It’s only two months now until the tax year finishes for most small companies in New Zealand.
Although this seems far off, its often right in the middle of busy season when businesses are just starting to kick off again, so the time can fly by! Clients sometimes get in contact to ask about year end taxes during February and March, so we thought this post might be useful for helping to prepare your startup for the end of the financial year.
Is March the time to spend?
The school of thought on this is that if you bring forward expenditure into February and March, from later in the year, you might be entitled to a tax deduction a year in advance. Next year you do the same thing, and whammy, a lower tax bill all around.
While we love the sentiment, here’s why that’s not a great idea:
- When you’re buying assets its only the depreciation that will be brought forward - often only a small % of the original transaction will benefit this year
- Often leads clients to spend more on an asset than they usually would, erasing the benefit instantly!
- You need to be able to afford it, and the cash flow troubles this kind of spending can throw up will outweigh any tax savings brought forward
So please don’t go go crazy in February and March just to save on tax, make buying decisions based on whether its good for your business, first and foremost.
Saving for taxes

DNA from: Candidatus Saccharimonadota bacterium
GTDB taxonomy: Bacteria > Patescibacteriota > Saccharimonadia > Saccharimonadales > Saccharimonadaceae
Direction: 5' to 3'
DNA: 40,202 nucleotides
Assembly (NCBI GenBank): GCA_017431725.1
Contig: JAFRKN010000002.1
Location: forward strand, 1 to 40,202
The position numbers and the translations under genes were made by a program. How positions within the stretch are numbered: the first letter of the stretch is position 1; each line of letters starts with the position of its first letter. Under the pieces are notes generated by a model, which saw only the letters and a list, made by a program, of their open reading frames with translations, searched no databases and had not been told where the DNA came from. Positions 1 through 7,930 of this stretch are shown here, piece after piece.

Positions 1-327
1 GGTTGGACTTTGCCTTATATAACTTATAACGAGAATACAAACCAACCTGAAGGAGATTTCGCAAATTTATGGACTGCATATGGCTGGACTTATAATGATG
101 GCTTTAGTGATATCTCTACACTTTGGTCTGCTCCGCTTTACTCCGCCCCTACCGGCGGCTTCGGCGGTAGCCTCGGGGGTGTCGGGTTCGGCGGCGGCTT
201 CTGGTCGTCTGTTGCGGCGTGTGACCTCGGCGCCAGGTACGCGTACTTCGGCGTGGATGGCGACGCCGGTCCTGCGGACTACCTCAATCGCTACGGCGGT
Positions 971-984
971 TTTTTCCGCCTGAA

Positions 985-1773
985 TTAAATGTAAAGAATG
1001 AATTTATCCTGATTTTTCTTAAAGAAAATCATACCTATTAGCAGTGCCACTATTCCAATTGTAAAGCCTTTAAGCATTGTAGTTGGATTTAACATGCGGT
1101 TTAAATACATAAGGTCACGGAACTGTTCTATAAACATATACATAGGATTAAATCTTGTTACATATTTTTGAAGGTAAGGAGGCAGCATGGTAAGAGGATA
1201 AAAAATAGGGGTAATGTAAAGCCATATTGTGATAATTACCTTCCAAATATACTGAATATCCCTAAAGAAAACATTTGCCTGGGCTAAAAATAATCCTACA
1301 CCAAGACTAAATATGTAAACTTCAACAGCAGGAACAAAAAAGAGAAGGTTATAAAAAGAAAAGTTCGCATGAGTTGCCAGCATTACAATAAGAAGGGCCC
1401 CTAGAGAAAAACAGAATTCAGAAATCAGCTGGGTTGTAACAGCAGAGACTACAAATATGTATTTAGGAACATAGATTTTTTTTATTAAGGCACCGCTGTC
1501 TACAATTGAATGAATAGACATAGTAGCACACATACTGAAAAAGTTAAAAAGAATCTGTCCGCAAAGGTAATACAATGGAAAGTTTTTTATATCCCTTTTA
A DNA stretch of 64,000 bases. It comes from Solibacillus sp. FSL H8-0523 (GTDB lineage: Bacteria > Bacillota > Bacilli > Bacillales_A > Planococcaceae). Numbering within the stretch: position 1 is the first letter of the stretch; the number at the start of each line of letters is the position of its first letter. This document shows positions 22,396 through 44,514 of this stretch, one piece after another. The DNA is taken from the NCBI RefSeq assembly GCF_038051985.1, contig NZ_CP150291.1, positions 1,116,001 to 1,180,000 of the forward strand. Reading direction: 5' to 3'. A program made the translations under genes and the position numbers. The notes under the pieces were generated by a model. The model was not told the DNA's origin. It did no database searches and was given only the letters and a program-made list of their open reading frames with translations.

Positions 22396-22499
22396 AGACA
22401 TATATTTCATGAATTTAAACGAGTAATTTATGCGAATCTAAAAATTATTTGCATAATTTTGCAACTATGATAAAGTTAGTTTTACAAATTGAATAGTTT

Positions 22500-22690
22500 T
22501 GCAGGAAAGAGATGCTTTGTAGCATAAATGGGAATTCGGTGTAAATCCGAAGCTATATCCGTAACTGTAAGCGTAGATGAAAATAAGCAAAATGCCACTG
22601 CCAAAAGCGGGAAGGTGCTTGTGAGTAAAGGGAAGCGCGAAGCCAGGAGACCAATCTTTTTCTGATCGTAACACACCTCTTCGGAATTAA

Your bright and shiny startup has the most technically advanced accounting system on the market. Daily bank feeds, up to date reconciling and regular reviewing of reports in Xero means you can review your performance during the year to see where you are at in comparison to prior years, and make an assessment of what taxes for the period might be.
Notwithstanding you being in the provisional tax regime you should still be looking to see where you are at for this year, and talking to your tax professional as to what taxes might be like. This allows you to get an idea of what the upcoming provisional taxes and terminal taxes might be due, and when they are due, and start putting funds aside.
Crediting Bad Debts
Has someone not paid you for a long time? Don’t think you will ever get paid? Consider writing off the debt before the 31st of March to get a deduction this year.
Your accountant will more than likely ask for verifying copies of things like: end of year bank statements, yearly interest summaries, and dividend statements. Get these while they are fresh and upload them into Dropbox, Evernote, Google Docs, or even send them into Xero for easy access later.
Home Office Expenses
Home office costs that are incurred for business purposes will be personal expenses in nature, so they won’t be easily accessible in your accounting system. Make sure you collate all your personal expenses (mortgage interest or rent, insurance, rates, power, telephone and internet) and enter these into an expense claim in Xero for easy access later.
Overdrawn Shareholder Current Account
If you’ve taken money in the form of drawings of a loan from the company during the year, and you owe money to the company, we recommend the repayment of the shareholder current account by means of a cash transaction, shareholder salary, or a dividend.
Those are the things we can think
Disclaimer: Information provided to the best of the authors knowledge at time of publication. Laws are subject to change and independent advice should be sought. The above information is general in nature and should not be construed or relied on as a recommendation.